They will then go ahead and build a working skeleton for our UI. In the final step, we make final preparations for the design and then apply it on the skeleton, to implement our UI into the game.

We need your input!
We hope we were able to give you a good understanding of Anno’s intricate UI/UX design, and why it is of such importance for strategy games. Up to the release of the game, we will continue to work and improve our interface but one of our challenges is a lack of community feedback, as the UI is something many players take as a given but rarely discuss in detail.

And here is where the Anno Union comes into play: we would love to get your feedback on our current state of the UI, as seen in the stream and on this blog. Is the overall look satisfying? Is there something from previous Anno games you especially liked about the UI? What is of most importance to you for an exciting and functional Anno 1800 user interface?

Our team is looking forward to your feedback!

15 Comments

Union Update: How we make decisions

The impact of the Anno Union on our development decisions
In the past, we have often talked how cooperating with the community is an immense help for us in the development of Anno 1800. Given some of the reactions to last week’s DevBlog, we want to talk about this a bit more today.

Thanks to everyone here on the dev team at Ubisoft Blue Byte Mainz working together, we have so far been able to share close to 70 blogs, as well as streams and events with you all since we kicked off the Anno Union- which is a very rare level of information for a game so early in development. In turn, your reactions and comments to these blogs provide us with a large pool of feedback to work with. It is not uncommon for some of these suggestions to make it right onto our Development Roadmap.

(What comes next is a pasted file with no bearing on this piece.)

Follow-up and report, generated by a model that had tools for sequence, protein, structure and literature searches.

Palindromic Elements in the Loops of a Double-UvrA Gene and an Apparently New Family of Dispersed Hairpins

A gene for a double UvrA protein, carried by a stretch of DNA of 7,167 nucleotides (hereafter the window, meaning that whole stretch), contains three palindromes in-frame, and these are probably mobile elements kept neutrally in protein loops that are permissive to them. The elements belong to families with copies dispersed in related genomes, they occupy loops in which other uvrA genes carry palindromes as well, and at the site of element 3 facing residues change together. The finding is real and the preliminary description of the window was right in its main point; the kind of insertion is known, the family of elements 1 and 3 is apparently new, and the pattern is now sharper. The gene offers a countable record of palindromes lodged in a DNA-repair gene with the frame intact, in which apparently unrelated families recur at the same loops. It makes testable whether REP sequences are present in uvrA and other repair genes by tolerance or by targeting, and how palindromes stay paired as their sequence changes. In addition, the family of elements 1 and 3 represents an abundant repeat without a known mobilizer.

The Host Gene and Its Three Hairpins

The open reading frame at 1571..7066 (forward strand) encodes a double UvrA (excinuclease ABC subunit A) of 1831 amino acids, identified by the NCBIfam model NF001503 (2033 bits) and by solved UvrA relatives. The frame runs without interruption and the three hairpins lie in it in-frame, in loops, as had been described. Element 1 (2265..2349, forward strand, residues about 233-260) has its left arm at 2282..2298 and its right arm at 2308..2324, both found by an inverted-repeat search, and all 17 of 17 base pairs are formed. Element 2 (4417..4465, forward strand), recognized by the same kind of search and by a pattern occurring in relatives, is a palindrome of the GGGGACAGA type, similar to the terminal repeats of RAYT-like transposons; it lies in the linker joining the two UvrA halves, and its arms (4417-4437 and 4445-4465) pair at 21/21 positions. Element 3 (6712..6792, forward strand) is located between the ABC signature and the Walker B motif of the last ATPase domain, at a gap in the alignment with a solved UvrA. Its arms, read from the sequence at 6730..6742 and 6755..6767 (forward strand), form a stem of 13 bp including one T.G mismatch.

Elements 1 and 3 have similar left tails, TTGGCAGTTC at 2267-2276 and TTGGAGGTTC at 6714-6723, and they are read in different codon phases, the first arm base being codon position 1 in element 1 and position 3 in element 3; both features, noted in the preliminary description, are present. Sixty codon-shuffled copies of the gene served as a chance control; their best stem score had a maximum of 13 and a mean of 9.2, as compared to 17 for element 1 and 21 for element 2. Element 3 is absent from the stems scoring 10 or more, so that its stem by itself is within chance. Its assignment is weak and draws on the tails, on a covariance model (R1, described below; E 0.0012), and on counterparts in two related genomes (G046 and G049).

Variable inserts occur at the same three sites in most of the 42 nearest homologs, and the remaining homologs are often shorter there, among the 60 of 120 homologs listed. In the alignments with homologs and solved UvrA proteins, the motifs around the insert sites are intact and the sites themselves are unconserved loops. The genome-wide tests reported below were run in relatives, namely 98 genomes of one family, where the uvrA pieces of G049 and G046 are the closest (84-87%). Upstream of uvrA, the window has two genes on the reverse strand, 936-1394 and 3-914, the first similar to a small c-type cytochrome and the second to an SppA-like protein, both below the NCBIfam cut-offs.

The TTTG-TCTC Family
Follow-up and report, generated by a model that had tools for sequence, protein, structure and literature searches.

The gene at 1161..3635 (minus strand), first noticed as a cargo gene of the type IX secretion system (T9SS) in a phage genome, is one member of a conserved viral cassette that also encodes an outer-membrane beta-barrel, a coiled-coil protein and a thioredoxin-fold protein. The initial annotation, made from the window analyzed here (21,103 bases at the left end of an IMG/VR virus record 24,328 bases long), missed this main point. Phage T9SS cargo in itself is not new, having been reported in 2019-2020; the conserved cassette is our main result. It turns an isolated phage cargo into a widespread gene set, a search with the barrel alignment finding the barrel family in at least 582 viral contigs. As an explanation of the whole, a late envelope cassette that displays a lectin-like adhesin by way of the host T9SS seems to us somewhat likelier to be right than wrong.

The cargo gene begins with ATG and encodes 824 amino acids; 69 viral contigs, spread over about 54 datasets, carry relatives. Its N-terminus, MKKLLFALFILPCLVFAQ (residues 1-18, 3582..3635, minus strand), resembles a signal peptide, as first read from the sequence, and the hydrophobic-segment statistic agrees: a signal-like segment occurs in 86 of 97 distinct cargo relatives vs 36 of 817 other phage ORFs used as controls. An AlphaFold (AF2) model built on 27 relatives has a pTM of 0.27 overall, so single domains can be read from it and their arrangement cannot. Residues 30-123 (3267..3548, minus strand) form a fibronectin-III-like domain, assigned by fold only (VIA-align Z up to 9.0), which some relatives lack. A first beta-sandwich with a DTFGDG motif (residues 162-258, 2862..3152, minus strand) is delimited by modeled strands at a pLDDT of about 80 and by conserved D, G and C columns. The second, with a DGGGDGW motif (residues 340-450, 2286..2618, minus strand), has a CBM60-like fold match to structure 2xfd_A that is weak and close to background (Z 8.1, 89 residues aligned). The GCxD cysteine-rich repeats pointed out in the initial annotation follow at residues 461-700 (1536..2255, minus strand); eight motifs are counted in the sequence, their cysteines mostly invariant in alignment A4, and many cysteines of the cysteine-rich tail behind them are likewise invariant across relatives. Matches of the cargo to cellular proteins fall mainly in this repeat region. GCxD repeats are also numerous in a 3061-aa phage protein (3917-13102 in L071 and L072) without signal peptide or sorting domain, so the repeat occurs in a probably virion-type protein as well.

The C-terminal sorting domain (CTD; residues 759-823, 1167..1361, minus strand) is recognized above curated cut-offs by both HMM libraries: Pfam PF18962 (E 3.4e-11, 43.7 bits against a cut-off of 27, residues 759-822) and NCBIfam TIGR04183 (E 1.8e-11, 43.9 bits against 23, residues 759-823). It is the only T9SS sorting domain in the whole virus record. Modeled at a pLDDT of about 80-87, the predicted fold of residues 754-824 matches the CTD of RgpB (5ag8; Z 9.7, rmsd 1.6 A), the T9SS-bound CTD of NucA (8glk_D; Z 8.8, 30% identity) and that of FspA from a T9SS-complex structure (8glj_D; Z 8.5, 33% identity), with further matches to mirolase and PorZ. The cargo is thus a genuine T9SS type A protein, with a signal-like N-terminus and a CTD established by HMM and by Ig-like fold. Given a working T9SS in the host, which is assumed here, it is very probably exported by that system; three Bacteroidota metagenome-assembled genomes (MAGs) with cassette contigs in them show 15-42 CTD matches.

Sometimes we are looking for concrete focused answers to our questions, while at other times we are seeking a large amount of more unfiltered thoughts from the community. By inviting community members to the studio, we get an additional spotlight and point of view on certain situations. Sadly, some commenters reacting to our last DevBog read this as the comments in the Anno Union being less relevant- we want to absolutely emphasize that this is not the case. We received hundreds of comments with ideas and suggestions on the topic of land-based combat, all of which we filed for reports that were presented to the team for analysis. Personal discussions and focus groups with Union members are an additional feedback loop beyond – not instead of – online comments for us. We also try to ensure that we have a good variety of player types and age groups for such discussions, to give us a good range of opinions on the topics.

We consider community feedback for all of our decisions; however, in most cases it cannot be the sole deciding factor, especially when it comes to features that based on their complexity would affect countless other aspects of the game. With the Anno Union, we are inviting players to become part of our team, and to influence certain game content and features through their feedback and votes. However, a project of this size and logistical complexity cannot be realized without some decision makers who bear the responsibility in the end. To succeed, we have to carefully balance many creative aspects with the realities of their associated production costs and timelines. The hardest decisions are of course always those where we know that they will disappoint some of our fans. Unfortunately, implementing all the feedback and especially the many all-new ideas and suggestions from the community is simply not feasible within a realistic timeframe and budget.